To develop a product using SEGGER Embedded Studio, you must understand the concepts of projects and solutions.
Organizing your projects into a solution allows you to build all the projects in a solution with a single keystroke, and to load them onto the target ready for debugging.
In your SEGGER Embedded Studio for ARM project, you…
Projects in a solution can reside in the same or different directories. Project directories are always relative to the directory of the solution file, which enables you to more-easily move or share project-file hierarchies.
The Project Explorer organizes your projects and files, and provides quick access to the commands that operate on them. A toolbar at the top of the window offers quick access to commonly used commands.
When you have created a solution, it is stored in a project file. Project files are text files, with the file extension emProject, that contain an XML description of your project. See Project file format for a description of the project-file format.
The projects you create within a solution have a project type SEGGER Embedded Studio uses to determine how to build the project. The project type is selected when you use the New Project dialog. The available project types depend on the SEGGER Embedded Studio for ARM variant you are using, but the following are present in most SEGGER Embedded Studio for ARM variants:
Project options are attached to project nodes. They are usually used in the build process, for example, to define C preprocessor symbols. You can assign different values to the same project option, based on a configuration: for example, you can assign one value to a C preprocessor symbol for release build and a different value for a debug build.
Projects can contain folders, which are used to group related files. Automated grouping uses the files' extensions to, for example, put all .c files in one folder, etc. Grouping also can be done manually by explicitly creating a file within a folder. Note that these project folders do not map onto directories in the file system, they are used solely to structure the display of content shown in the Project Explorer.
Projects can also contain dynamic folders which will can show the directories and files contained in the file system in the project explorer. You can specify if the dynamic folder is recursive and use wildcards to include and exclude files.
Source files are all the files used to build a product. These include source code files and also section-placement files, memory-map files, and script files. All the source files you use for a particular product, or for a suite of related products, are managed in a SEGGER Embedded Studio project. A project can also contain files that are not directly used by SEGGER Embedded Studio to build a product but contain information you use during development, such as documentation. You edit source files during development using SEGGER Embedded Studio's built-in text editor, and you organize files into a target (described next) to define the build-system inputs for creating the product.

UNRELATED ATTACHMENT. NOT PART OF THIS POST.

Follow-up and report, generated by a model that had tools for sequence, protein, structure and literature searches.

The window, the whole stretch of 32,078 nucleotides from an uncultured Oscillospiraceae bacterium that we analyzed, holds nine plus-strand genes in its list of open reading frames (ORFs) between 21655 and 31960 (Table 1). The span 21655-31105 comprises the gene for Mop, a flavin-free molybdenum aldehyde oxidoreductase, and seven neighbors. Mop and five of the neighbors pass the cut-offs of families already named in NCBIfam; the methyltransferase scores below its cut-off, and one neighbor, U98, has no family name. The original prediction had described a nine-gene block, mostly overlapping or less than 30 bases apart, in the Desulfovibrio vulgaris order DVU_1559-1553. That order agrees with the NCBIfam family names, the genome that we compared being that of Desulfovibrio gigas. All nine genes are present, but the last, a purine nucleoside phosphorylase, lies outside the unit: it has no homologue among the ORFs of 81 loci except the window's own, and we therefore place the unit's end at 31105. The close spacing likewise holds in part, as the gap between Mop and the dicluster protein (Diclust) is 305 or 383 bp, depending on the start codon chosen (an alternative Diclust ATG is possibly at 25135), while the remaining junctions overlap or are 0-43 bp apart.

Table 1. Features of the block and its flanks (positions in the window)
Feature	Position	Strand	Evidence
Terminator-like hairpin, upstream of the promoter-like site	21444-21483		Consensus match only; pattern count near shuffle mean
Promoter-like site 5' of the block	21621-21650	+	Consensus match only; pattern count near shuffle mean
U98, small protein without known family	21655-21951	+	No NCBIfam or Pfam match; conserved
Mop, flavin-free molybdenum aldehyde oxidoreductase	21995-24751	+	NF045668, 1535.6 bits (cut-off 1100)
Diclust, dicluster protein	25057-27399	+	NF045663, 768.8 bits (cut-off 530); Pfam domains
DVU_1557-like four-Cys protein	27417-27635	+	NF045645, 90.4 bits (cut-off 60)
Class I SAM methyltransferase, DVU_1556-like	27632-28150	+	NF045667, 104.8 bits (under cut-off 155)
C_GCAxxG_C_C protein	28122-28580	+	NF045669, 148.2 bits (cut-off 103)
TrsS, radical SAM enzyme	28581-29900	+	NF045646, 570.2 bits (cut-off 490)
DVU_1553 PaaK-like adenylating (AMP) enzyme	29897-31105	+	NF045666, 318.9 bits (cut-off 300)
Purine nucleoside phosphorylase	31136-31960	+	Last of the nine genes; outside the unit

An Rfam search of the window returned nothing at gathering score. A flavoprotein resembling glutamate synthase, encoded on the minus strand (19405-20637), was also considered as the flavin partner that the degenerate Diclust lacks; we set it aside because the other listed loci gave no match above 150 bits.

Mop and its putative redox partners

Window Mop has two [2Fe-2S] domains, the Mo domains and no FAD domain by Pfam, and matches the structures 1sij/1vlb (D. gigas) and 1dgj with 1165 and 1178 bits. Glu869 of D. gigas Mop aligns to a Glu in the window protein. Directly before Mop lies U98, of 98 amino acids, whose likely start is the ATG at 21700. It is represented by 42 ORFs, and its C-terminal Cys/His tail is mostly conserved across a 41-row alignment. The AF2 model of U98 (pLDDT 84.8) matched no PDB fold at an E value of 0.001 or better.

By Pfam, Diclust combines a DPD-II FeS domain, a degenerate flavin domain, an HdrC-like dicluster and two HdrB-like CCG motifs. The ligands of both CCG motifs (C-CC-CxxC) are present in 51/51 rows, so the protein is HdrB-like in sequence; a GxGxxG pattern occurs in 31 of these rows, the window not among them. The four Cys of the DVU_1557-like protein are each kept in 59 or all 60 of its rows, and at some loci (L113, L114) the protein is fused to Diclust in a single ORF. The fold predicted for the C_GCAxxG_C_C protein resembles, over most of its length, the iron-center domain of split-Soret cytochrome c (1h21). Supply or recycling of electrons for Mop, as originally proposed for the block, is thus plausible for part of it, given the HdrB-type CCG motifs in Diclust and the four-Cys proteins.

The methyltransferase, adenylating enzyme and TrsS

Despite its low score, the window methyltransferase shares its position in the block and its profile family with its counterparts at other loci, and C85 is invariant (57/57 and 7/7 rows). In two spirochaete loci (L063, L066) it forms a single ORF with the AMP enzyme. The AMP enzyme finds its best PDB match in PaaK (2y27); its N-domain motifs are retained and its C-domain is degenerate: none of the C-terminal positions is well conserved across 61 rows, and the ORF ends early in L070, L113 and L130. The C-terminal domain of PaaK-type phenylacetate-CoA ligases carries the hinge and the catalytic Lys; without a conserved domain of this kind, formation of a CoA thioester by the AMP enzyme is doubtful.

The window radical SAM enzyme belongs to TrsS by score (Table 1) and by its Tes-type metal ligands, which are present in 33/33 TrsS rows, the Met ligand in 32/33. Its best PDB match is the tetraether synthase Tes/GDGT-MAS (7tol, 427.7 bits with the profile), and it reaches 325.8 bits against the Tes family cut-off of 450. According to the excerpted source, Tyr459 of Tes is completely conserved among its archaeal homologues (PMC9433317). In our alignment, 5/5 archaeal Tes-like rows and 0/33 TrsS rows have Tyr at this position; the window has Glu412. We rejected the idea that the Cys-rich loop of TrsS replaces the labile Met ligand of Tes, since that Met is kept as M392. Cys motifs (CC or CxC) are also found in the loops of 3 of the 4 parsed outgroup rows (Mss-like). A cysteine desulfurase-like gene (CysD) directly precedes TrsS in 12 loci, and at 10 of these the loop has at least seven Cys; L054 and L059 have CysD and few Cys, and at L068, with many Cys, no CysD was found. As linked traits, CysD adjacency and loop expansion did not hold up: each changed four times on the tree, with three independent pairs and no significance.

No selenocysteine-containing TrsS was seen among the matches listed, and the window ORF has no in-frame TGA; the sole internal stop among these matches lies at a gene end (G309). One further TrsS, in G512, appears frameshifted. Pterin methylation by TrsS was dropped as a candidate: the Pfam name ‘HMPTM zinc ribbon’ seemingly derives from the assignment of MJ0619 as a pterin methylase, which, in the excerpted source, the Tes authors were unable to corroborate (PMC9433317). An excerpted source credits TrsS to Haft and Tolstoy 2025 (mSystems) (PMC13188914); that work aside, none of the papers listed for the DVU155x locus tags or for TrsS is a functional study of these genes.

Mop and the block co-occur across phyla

The source files of your project can be placed in folders or directly in the project. Ideally, the paths to files placed in a project should be relative to the project directory, but at times you might want to refer to a file in an absolute location and this is supported by the project system.
When you add a file to a project, the project system detects whether the file is in the project directory. If a file is not in the project directory, the project system tries to make a relative path from the file to the project directory. If the file isn't relative to the project directory, the project system detects whether the file is relative to the $(StudioDir) directory; if so, the filename is defined using $(StudioDir). If a file is not relative to the project directory or to $(StudioDir), the full, absolute pathname is used.
The project system will allow (with a warning) duplicate files to be put into a project.
The project system uses a file's extension to determine the appropriate build action to perform on the file:
You can modify this behavior by setting a file's File Type project option with the Common configuration selected, which enables files with non-standard extensions to be compiled by the project system.
You can use an external build process for Externally Built Executable project types by setting the Build Command project option, for example to make target. Alternatively you can set command lines for specific build steps to compile/assemble and link. When you create an Externally Built Executable project type configurations will be created that create command lines for a variety of external tool chains.
You can create links to existing project files from a solution, which enables you to create hierarchical builds. For example, you could have a solution that builds a library together with a stub test driver executable. You can link to that solution from your current solution by right-clicking the solution node of the Project Explorer and selecting Add Existing Project. Your current solution can then use the library built by the other project.
When you exit SEGGER Embedded Studio for ARM, details of your current session are stored in a session file. Session files are text files, with the file extension emSession, that contain details such as which files you have opened in the editor and what breakpoints you have set in the Breakpoint window.